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Categories : 45
Baker Island Bass Harbor Bluehill Bay
Boon Island Browns Head Burnt Island
Cape Elizabeth Cape Neddick Curtis Island
Deer Island / Mark Island Dice Head Doubling Point
Eagle Island Egg Rock Fort Point
Goat Island Goose Rocks Grindle Points
Heron Neck Indian Island Kennebec River Range
Marshall Point Matinicus Rock Monhegan Island
Moose Peak Mt. Desert Rock Owls Head
Pemaquid Point Perkins Island Petit Manan
Pond Island Portland Breakwater Portland Head
Prospect Harbor Ram Island Ram Island Ledge
Rockland Breakwater Rockland Harbor Southwest Seguin Island
Spring Point Ledge Squirrel Point Tenants Harbor
Two Bush Island West Quoddy Whitehead
Boon Island Light
Standing on a small, rocky, barren island about 6.5 miles southeast of Cape Neddick, this light is clearly one of the most isolated. Severs storms, typical of this area, have swept away numerous light towers on this ledge. The first 50-foot wooden tower was established in 1800 but the flimsy wooden structure was destroyed by a winter storm in 1804; it was replaced with a stone tower the following summer. President James Madison authorized a new lighthouse in 1812 but storms again destroyed the light in 1831. Finally, the Lighthouse Board allowed that a much more sound, substantial structure was required. In 1852 the present light tower was constructed and, at 133 feet, is the tallest in New England, measuring 25 feet in diameter at the base, 12 feet wide at the top.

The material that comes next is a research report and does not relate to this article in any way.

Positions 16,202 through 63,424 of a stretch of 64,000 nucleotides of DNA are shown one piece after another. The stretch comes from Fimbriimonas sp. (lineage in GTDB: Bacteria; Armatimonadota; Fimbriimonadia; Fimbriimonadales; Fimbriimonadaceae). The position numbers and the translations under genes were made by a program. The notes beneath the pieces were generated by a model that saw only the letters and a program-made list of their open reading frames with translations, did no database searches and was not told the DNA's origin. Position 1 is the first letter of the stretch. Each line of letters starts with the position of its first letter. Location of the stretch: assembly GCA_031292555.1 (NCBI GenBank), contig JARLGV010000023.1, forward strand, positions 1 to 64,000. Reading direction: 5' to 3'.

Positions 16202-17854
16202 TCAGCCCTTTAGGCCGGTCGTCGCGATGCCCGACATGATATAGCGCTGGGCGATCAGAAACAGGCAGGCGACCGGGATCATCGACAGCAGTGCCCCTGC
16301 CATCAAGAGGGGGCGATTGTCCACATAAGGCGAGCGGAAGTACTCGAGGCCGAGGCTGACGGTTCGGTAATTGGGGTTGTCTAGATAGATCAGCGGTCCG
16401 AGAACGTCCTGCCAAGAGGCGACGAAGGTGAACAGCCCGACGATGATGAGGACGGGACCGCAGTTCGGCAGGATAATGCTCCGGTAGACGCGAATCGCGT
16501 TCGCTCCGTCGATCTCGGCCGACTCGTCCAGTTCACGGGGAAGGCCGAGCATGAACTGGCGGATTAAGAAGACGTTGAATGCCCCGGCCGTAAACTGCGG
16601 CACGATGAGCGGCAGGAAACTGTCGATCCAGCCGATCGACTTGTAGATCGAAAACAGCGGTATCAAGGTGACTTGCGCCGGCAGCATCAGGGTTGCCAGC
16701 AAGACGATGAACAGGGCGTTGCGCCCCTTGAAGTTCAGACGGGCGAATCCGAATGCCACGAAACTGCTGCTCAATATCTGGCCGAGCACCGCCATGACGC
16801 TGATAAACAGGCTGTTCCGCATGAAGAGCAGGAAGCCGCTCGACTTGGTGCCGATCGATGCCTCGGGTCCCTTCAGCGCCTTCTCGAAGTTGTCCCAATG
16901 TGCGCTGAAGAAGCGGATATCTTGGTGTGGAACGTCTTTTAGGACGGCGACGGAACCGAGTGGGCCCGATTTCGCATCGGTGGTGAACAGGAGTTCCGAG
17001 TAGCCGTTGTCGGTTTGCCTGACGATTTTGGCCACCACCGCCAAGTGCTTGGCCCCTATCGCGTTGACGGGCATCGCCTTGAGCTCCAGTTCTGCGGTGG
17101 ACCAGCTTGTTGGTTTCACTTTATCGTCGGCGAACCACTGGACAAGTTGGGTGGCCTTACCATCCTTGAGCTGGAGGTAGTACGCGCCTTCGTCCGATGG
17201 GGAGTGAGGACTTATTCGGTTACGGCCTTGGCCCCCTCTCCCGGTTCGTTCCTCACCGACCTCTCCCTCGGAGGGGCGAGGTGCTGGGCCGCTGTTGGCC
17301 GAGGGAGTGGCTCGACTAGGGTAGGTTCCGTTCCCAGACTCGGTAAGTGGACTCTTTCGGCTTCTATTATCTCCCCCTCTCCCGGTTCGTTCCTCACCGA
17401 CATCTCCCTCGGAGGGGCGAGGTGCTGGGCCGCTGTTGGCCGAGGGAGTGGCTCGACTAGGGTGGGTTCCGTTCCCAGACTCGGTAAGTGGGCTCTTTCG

Tales and legends involving the island are numerous but the most well-known incident was the wreck of the British ship Nottingham Galley in December 1710. Survivors struggled to stay alive for three weeks, finally resorting to cannibalism. It's said that after this disaster local fishermen began leaving barrels of provisions (a"boon") in case of future wrecks. Legends also tell of keeper's wife driven mad after her husband's death on the island, of a keeper who left the island for food, later found wandering aimlessly hundreds of miles away and of marooned keepers saved by a the crew of a passing schooner who retrieved their plea for help set adrift in a bottle.

This island is continually pounded by the sea; the Blizzard of 1978 destroyed the keeper's house and outbuildings as five feet of water inundated the station. During that storm granite boulders were tossed about as if they were pebbles. The two keepers, having taken refuge in the tower, were rescued by helicopter the following day. Shortly after this storm Boon Island Light was automated; the second-order Fresnel lens was removed in 1993 and replaced by a modern solar-powered optic.

Boon Island Light is now licensed to the American Lighthouse Foundation.

From I-95 or U.S. Route 1 in York, take U.S. 1A to York Beach, continuing to Nubble Road (marked with a small "Nubble Light" sign). Follow this road to Sohier Park and the Parking area. The Light is visible in the distance.

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